Tampa, Fla. — Months into the virus and with so much information, how can we all understand what’s happening?

What You Need To Know

  • Dr. Jason Salemi considers helpful a centralized reporting and interpreting of data

  • Florida’s trending lower in coronavirus cases

One positive development is epidemiologists across Florida are now getting new details of how the coronavirus is affecting daycares, K through 12 schools and universities, said University of South Florida epidemiologist Dr. Jason Salemi.

Salemi is one to know about the different streams of COVID-19 data.

He has taken the recent role of making sense of this vast information by creating his own dashboard.

At times it seems reported information from local, state and federal officials is not the same. That is because, Dr. Salemi said, there's no national or state recommendation on how to interpret the information--say hospitalizations.

"For example, the state reported numbers are focusing on patients with a primary diagnosis of Covid-19,” explained Salemi. “The federal numbers, who are also reporting about Florida, are reporting any cases which are suspected to have COVID-19."

According to him, the situation in Florida is getting better.

"We see the number of people who are testing positive, new cases on a daily bases, they are going down,” he said. “Now, part of that reason is because we are doing less testing."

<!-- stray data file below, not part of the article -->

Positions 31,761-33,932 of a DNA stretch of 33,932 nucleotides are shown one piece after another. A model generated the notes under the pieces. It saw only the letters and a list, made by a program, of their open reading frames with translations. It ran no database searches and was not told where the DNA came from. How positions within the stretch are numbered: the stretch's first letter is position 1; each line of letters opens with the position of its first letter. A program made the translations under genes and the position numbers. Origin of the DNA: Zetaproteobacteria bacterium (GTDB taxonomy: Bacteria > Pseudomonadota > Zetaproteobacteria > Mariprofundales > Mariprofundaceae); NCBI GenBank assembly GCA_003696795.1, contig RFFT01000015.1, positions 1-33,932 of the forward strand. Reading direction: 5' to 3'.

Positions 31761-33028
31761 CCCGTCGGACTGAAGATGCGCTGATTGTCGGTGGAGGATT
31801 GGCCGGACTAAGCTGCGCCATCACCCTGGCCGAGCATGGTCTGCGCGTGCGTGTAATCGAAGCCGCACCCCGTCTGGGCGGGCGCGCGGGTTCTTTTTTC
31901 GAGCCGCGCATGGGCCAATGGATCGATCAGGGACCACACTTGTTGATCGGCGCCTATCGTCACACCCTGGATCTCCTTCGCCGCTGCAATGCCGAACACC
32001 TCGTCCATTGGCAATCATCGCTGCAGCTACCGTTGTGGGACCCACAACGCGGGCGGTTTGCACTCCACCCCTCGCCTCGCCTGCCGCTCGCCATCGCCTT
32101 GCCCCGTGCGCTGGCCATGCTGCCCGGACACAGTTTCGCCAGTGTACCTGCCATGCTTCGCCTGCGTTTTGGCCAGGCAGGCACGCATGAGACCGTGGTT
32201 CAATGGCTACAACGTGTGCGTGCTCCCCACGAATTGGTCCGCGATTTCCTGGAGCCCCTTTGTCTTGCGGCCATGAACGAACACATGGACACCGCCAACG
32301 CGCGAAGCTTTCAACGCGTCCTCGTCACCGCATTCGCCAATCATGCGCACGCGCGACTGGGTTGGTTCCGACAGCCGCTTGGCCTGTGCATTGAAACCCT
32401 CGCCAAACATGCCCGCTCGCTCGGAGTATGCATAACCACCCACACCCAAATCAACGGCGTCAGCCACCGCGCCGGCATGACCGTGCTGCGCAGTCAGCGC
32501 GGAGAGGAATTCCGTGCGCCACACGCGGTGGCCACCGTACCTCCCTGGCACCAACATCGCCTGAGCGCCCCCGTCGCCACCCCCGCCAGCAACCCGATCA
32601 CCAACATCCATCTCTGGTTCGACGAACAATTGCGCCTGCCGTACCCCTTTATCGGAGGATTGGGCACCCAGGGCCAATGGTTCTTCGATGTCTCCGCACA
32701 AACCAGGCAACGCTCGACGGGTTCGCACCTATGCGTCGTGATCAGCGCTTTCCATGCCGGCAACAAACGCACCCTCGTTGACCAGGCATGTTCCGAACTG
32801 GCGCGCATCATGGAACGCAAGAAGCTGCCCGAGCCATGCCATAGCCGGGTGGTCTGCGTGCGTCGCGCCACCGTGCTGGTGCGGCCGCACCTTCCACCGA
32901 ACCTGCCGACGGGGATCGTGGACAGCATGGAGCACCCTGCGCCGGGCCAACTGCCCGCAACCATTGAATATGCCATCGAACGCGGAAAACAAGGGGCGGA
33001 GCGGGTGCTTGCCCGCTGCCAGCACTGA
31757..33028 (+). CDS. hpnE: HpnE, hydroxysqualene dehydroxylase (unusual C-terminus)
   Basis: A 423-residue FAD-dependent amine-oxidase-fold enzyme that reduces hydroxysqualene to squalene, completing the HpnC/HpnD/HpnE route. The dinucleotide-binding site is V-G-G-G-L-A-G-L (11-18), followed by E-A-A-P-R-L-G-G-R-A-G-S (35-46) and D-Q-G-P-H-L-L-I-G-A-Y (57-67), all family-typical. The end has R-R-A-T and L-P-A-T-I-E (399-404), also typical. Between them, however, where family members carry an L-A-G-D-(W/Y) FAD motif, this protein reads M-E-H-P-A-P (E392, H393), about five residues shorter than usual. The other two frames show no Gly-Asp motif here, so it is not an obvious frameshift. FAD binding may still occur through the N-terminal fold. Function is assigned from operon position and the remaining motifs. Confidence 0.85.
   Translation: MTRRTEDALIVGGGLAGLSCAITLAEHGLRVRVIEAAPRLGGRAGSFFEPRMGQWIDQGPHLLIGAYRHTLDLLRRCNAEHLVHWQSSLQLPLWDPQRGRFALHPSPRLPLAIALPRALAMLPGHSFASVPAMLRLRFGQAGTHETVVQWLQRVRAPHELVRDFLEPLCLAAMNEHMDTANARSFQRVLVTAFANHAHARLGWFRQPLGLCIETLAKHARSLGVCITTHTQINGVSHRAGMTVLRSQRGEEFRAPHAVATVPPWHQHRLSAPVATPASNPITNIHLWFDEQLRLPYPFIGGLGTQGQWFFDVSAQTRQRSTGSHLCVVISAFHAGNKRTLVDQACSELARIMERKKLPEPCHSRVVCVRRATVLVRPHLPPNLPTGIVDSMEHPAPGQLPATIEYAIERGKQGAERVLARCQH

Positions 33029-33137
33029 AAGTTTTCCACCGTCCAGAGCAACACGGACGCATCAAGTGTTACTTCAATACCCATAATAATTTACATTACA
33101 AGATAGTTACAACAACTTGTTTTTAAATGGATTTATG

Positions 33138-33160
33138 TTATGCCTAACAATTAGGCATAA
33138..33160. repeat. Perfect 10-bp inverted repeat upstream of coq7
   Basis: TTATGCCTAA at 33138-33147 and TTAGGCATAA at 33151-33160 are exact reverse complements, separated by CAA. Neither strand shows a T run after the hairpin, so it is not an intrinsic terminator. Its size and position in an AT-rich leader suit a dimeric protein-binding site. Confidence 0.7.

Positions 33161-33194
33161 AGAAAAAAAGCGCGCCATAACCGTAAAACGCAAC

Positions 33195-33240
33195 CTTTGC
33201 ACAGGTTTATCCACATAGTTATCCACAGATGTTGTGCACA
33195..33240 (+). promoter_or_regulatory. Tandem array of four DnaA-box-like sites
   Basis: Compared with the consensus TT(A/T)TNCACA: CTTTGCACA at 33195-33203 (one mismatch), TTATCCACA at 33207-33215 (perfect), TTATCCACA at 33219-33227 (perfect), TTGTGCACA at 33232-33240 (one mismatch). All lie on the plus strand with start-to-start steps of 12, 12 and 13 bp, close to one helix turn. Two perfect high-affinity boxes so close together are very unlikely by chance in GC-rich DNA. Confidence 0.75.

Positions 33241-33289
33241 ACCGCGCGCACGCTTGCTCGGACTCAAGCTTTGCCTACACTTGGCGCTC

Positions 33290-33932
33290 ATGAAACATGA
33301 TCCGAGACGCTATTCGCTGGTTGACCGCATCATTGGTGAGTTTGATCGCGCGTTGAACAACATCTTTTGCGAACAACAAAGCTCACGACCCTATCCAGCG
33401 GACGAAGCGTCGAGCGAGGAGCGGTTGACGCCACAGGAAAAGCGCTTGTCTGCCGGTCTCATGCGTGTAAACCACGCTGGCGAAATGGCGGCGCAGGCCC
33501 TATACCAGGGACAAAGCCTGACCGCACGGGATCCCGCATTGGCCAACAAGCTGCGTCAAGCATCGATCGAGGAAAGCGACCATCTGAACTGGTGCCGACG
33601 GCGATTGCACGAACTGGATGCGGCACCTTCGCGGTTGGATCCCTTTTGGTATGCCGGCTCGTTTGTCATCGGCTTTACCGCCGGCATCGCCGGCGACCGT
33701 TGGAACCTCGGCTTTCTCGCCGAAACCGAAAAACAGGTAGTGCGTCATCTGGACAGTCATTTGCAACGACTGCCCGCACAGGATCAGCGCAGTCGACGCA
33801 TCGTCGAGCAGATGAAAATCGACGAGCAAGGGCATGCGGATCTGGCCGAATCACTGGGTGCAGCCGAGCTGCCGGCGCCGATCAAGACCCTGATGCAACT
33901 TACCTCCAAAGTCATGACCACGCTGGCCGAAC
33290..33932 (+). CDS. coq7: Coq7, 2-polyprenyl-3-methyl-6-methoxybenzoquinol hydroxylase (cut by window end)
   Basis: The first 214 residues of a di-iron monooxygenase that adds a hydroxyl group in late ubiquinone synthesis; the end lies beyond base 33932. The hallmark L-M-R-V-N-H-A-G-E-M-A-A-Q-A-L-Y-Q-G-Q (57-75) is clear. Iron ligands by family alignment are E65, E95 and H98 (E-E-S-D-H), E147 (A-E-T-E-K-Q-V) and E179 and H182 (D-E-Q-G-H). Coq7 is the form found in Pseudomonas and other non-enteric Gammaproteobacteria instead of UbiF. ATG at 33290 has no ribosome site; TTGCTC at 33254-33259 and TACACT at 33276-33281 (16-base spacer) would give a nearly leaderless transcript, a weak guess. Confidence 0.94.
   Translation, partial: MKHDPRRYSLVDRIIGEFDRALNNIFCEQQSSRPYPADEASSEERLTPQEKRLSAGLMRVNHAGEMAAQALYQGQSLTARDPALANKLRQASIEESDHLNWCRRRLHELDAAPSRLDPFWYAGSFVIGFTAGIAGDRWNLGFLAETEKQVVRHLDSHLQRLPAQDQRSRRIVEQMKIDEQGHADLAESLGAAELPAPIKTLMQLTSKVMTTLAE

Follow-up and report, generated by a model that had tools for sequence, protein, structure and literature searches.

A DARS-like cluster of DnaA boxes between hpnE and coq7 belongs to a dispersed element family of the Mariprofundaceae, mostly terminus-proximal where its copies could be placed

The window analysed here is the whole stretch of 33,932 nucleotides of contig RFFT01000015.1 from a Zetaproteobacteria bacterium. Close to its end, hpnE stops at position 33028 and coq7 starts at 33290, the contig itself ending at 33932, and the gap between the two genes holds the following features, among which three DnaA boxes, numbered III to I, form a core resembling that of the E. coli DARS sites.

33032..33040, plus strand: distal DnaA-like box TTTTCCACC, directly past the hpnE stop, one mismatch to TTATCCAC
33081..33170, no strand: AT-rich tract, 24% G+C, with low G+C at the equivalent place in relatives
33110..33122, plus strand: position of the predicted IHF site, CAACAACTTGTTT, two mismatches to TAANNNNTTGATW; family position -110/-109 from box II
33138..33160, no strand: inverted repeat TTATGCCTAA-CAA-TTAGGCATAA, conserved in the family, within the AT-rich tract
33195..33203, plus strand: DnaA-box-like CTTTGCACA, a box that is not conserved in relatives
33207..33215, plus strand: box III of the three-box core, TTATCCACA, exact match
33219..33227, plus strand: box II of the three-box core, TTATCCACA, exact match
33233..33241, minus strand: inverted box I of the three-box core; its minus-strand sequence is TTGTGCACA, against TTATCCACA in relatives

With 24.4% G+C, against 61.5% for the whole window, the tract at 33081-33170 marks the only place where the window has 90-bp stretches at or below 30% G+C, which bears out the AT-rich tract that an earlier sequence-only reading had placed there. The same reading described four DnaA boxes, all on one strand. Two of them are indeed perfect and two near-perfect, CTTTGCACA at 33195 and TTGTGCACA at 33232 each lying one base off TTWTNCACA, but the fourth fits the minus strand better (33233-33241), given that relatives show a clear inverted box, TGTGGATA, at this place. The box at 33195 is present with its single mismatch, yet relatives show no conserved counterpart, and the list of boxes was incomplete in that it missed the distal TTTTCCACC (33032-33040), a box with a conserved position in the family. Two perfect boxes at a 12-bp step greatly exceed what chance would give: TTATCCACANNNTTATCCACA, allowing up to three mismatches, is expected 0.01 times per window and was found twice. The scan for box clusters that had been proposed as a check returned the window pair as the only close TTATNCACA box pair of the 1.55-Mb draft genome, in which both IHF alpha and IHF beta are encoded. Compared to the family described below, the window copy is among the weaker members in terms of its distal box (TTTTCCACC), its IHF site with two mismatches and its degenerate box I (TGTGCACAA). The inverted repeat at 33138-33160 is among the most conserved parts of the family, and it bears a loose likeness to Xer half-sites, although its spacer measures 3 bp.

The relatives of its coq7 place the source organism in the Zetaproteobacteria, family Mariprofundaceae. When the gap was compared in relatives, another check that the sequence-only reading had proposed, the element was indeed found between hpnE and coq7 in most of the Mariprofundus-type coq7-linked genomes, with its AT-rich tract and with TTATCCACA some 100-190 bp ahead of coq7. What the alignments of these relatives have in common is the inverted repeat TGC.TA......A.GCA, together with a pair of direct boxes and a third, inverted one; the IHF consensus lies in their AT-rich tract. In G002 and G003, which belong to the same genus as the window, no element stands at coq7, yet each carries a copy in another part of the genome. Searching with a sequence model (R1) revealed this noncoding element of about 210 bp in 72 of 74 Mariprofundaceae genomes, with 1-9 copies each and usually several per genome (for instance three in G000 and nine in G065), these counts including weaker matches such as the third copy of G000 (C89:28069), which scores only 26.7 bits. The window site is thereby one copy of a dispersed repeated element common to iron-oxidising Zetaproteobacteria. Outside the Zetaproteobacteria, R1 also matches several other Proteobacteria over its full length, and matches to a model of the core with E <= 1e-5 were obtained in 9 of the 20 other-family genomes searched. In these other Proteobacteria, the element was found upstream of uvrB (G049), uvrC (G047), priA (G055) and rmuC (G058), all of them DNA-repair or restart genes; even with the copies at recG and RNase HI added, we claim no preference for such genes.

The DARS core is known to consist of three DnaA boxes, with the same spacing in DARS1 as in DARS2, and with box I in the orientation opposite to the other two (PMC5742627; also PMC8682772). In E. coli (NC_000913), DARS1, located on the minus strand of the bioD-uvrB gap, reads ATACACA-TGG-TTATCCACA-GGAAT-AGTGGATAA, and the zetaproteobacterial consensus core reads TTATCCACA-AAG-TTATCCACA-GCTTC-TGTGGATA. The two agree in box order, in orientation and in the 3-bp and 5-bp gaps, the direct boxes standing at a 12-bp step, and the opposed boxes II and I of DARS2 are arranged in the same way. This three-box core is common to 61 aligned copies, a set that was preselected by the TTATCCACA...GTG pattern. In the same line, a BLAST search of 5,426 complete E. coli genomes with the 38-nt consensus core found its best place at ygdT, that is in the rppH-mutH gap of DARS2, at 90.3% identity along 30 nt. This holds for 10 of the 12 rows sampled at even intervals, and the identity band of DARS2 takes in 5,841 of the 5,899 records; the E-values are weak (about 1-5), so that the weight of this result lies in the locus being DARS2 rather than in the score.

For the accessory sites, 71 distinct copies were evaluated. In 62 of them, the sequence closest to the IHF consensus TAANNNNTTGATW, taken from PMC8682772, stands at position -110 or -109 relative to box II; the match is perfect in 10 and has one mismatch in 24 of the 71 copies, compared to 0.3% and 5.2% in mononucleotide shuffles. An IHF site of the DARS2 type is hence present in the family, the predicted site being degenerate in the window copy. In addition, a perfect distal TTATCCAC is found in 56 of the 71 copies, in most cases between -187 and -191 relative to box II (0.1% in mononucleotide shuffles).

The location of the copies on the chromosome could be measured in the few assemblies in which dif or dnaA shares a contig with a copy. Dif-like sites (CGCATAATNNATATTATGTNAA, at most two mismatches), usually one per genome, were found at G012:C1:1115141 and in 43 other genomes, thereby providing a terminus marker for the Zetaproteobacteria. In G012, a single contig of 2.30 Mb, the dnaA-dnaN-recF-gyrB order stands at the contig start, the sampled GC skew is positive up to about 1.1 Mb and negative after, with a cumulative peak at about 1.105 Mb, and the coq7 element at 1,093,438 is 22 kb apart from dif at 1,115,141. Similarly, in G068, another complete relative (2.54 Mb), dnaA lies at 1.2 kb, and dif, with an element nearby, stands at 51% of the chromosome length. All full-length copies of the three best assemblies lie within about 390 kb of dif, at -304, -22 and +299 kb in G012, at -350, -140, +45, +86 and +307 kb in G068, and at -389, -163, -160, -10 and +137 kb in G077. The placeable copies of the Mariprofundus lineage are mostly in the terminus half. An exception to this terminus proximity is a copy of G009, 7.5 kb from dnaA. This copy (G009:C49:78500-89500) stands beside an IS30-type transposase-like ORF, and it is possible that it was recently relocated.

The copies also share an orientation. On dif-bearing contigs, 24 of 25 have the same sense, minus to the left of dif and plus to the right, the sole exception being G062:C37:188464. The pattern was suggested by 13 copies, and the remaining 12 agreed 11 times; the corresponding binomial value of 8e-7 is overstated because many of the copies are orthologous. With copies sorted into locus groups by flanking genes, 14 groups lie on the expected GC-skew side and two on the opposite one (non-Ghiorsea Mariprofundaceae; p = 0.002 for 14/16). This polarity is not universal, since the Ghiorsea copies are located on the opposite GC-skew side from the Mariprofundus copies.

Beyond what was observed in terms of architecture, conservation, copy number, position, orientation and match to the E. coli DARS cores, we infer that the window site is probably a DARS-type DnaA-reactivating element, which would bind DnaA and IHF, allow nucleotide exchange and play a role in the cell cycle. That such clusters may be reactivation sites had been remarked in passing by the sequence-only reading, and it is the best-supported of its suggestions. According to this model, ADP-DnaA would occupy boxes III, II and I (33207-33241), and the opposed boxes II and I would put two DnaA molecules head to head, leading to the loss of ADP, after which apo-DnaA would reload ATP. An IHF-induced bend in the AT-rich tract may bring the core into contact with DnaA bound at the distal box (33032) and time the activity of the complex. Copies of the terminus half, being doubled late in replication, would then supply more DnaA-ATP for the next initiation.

His dashboard gives a more detailed look at COVID-19's impact.

Many of the graphs in his report show the state passing its recent peak. This is important as schools are reopening.

"If you're looking at the numbers, the decrease in the cases is a little more pronounced than the decrease in the testing,” he said.  “Again, that might suggest that we have a little less community transmission."

Salemi said he understands the mistrust with changing metrics and benchmarks. Part of it, he explained, has to do with dealing with a new virus.

As far as reopening schools, the professor feels better today than we were several weeks ago.

But he said testing needs to be robust and urged people to continue mitigation efforts, such as wearing masks and social distancing.

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